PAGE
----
9.1.2. Autoantibodies Against hepatocytes

9.1.3. Lab findings ANA :arrow_up: - 80% ASMA :arrow_up: - 70% Polyclonal hypergammaglobulinemia ALP normal or slightly elevated AST and ALT vary

9.1.4. Histologic Features Zone 1 hepatocellular injury Prominent plasma cell population

9.2. **Primary Biliary Cholangitis**: Autoimmune destruction of **Intrahepatic bile ducts** in middle-aged women. *Cholestatic Pattern of Liver Injury * :arrow_up: AMA

9.2.1. Middle-aged female

9.2.2. Lab findings Early Disease Bilirubin, AST, ALT - normal or mildly elevated :arrow_up: ALP :arrow_up: GGT :arrow_up: Cholesterol Advanced disease :arrow_up: Bilirubin (progressive rise in levels) :arrow_up: ALP :arrow_up: GGT :arrow_up: Cholesterol :arrow_up: AMA - 95% Cholestatic Pattern of Liver Function Test

9.2.3. Histological features Florid duct lesion Dense portal lymphoplasmacytic infiltrate Granulomas Hepatic lobules *undamaged *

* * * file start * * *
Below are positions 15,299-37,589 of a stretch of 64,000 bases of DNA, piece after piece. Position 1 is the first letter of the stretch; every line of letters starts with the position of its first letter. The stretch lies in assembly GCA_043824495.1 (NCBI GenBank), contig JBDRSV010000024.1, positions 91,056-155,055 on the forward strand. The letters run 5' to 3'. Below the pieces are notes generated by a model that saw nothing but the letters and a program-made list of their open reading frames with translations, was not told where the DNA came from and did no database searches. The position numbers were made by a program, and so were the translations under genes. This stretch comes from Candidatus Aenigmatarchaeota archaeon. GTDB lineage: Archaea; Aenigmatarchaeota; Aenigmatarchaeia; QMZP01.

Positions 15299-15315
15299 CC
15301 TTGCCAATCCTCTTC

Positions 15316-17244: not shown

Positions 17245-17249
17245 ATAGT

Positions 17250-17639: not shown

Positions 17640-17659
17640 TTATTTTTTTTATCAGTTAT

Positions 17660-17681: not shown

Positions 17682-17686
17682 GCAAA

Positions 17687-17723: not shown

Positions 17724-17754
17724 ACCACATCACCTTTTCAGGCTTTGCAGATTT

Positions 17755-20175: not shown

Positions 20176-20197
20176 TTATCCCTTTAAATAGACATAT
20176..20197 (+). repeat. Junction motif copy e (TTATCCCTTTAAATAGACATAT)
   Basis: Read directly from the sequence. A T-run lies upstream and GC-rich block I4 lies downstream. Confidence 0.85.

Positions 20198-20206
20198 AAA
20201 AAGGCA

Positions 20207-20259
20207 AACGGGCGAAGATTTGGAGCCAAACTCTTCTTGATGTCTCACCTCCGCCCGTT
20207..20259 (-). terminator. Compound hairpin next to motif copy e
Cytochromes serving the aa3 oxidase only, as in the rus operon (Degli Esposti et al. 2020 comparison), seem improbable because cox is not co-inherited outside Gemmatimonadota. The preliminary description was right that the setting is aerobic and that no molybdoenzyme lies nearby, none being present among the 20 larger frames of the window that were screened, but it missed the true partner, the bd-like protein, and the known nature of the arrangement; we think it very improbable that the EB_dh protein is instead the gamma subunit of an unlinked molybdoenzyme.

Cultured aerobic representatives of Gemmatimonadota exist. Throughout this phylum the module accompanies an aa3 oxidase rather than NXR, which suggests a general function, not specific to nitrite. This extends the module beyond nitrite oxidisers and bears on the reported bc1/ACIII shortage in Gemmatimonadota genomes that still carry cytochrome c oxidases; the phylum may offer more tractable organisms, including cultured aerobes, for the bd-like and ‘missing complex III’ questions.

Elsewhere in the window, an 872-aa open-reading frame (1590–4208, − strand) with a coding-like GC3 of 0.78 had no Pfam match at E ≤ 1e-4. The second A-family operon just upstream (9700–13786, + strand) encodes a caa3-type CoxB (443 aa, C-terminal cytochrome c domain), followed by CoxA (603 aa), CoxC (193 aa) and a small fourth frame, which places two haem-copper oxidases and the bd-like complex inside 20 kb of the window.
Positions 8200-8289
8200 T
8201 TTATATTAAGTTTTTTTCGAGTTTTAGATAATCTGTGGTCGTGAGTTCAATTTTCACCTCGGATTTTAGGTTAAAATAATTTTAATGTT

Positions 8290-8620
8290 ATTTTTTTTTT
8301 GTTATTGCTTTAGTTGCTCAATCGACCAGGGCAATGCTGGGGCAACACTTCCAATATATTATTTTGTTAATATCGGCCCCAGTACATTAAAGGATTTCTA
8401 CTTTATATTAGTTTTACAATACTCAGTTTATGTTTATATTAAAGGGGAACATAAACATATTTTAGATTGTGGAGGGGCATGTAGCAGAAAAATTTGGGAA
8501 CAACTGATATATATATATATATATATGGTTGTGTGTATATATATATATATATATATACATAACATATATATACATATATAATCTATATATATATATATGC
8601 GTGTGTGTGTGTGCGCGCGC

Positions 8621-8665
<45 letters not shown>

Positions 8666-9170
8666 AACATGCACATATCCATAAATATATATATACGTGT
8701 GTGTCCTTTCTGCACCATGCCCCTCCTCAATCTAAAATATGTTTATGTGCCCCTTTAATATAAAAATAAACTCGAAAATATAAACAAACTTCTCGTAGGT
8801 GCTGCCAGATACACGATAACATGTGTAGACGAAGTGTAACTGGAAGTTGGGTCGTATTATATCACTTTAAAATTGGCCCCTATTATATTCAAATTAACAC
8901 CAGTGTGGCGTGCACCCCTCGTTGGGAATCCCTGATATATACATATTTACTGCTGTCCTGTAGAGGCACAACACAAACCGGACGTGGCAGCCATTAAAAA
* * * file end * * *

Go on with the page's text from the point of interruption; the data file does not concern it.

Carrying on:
9.2.4. Continued injury results in bile duct loss cholestasis

9.2.5. Clinical Manifestations (of progressive cholestasis) Pruritis Jaundice Hyperlipidemia Fat-soluble vitamin deficiency Typical Presentation Pruritus + Cholestatic Pattern of Liver Function Test

9.3. secondary biliary Cirrhosis

9.3.1. Uncommon complication of chronic biliary obstruction Resultant biliary cirrhosis

9.3.2. Biliary Fibrosis Portoseptal fibrosis Caused by the ductular reaction with loss of periportal hepatocytes Eventual linking of portal tracts Result of Extension of fibrosis Initial preservation of intrahepatic vascular relationships preserved by portal-portal fibrous links Continued loss of hepatocytes leads to cirrhosis

9.4. **Primary Sclerosing Cholangitis**: Inflammation / Fibrosis of **Intrahepatic and Extrahepatic Bile Ducts** Most patients have IBD (UC > Crohn) *Cholestatic Pattern of Liver Injury *

9.4.1. Adults 20 - 40, even M:F

9.4.2. Strong association with IBD Ulcerative colitis